The Fifth Discipline Fieldbook (1994)

Satisfactory Essays
The Fifth Discipline Fieldbook, (1994), presents a practical application of group problem solving using a system’s thinking approach as well as the integration of learning theory into an organization. The author claims that no one person has all the answers. But that a collective experience of people that work to create answers, forms a powerful impact on any organization.
The book was written for people who want to learn how to make a facility more effective while impacting the organization with their own vision.
Senge, etal, (1994), uses a five discipline approach for developing three core learning capabilities of fostering aspiration, developing a reflective conversation and an understanding complexity. The five disciplines, each a lifelong program of study and practice, are identified as
Personal Mastery, Mental Models, Shared Vision, Team Learning, and Systems Thinking.
Personal Mastery describes a longitudinal practice assisting in clarifying and deepening a personal vision. This discipline demonstrates a way to grow and move toward a shared goal. It assists in refocusing productive energy and teaches ways to grow in patience. It demonstrates how to step back and remove your bias enables one to see yet a bigger reality more objectively.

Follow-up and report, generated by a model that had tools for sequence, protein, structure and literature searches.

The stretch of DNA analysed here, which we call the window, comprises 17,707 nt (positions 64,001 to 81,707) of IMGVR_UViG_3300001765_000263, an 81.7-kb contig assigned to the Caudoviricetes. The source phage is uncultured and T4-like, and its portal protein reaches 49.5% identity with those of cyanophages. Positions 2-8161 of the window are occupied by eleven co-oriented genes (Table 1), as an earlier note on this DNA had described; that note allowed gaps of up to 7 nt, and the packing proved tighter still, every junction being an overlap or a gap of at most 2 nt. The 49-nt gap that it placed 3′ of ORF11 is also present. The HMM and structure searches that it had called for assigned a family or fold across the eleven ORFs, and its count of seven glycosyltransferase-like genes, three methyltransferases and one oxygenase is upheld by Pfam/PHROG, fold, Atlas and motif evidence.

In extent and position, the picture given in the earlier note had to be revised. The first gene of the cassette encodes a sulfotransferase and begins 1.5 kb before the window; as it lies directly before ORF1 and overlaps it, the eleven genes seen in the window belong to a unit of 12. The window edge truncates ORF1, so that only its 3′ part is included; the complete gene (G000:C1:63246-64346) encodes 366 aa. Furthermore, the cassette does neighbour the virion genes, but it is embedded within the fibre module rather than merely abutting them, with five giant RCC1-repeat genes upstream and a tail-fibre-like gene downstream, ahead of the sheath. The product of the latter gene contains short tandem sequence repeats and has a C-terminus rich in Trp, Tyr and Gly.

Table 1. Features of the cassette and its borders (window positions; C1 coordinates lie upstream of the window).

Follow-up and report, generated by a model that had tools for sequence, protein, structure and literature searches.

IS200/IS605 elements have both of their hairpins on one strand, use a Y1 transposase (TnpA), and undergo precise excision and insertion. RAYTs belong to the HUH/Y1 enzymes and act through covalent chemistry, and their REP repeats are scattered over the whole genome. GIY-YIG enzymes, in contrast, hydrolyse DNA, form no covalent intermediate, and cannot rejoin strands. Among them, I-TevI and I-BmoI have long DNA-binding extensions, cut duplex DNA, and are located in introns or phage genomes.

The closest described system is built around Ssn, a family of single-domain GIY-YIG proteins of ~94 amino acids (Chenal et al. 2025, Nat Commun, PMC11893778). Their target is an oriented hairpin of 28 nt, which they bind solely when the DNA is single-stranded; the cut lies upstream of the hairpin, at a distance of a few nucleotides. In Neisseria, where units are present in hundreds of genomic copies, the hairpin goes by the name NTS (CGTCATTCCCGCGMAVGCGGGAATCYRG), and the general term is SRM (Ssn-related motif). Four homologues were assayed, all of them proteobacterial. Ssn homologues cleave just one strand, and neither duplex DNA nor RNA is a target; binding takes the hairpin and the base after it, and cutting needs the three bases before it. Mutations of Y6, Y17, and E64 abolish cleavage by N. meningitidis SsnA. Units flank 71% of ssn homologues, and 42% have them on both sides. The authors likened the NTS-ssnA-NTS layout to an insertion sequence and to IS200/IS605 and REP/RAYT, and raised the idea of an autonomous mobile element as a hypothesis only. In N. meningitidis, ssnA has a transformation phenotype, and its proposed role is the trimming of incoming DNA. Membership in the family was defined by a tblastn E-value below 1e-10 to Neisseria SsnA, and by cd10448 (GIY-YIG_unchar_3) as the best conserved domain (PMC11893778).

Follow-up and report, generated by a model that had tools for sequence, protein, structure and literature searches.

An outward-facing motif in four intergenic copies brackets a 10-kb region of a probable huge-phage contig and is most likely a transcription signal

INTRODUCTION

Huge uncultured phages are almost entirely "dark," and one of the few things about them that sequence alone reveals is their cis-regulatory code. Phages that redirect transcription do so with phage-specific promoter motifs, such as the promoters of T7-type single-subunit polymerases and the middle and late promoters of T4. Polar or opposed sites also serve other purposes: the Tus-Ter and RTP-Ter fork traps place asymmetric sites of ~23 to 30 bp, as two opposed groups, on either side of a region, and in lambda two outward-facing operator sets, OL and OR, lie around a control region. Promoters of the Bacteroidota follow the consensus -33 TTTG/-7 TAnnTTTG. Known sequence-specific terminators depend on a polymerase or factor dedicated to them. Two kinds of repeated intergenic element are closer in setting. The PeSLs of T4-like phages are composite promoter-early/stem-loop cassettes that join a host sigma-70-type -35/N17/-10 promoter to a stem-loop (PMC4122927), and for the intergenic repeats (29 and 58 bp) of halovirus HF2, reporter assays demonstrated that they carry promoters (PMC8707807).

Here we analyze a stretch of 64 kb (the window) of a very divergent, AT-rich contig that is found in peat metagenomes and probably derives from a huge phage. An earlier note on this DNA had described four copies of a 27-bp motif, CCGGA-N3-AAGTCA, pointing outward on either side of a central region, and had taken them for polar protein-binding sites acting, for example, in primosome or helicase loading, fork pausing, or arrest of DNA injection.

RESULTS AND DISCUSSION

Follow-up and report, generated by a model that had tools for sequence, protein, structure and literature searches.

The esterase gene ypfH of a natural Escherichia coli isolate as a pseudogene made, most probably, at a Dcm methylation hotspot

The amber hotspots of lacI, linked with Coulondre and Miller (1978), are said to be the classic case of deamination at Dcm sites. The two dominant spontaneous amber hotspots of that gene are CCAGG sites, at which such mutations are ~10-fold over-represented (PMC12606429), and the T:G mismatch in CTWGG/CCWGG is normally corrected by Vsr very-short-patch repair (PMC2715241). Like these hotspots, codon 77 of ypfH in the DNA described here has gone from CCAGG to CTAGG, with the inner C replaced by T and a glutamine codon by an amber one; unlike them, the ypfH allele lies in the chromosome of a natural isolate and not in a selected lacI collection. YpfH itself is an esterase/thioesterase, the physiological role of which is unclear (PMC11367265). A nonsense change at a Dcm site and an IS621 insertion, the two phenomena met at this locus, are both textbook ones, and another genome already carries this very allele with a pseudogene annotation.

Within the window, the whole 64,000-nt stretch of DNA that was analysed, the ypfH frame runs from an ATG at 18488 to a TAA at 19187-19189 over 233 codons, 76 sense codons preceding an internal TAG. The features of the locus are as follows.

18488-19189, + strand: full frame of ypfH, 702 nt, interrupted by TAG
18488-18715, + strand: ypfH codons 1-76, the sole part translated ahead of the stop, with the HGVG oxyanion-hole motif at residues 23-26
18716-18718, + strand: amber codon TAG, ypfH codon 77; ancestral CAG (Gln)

Mental Models assists in redefining our perceptions of reality. It identifies our most inner ingrained assumptions, and assists in how we perceive our work environment and even the world. The authors help the reader to better understand how formulated assumptions and actions influence our decision making process. When we have a better understanding of our own personal mental perceptions, it allows us to reflect on how those images impact our ability to see br... ... middle of paper ...

...te for projects of the future. By keeping the care of the patient, as a central goal, and using the field guide as a valuable resource to create an organization of learning, the outcomes can’t go anywhere but up.
Using the fifth discipline will influence my work by providing a platform for project development as well as a catalyst for implementing change. It will provide avenues for staff to assist in the promotion of the project as one of their own, not mine, but ours. I anticipate a greater respect among staff that are dedicated to their patients to continue to provide outstanding care while focusing on the complex issues of heart failure patients. Their dedication will promote a haven of dedication to seek new ways to identify patients as well as give them the care and information they need to make this project not only successful but gratifying.
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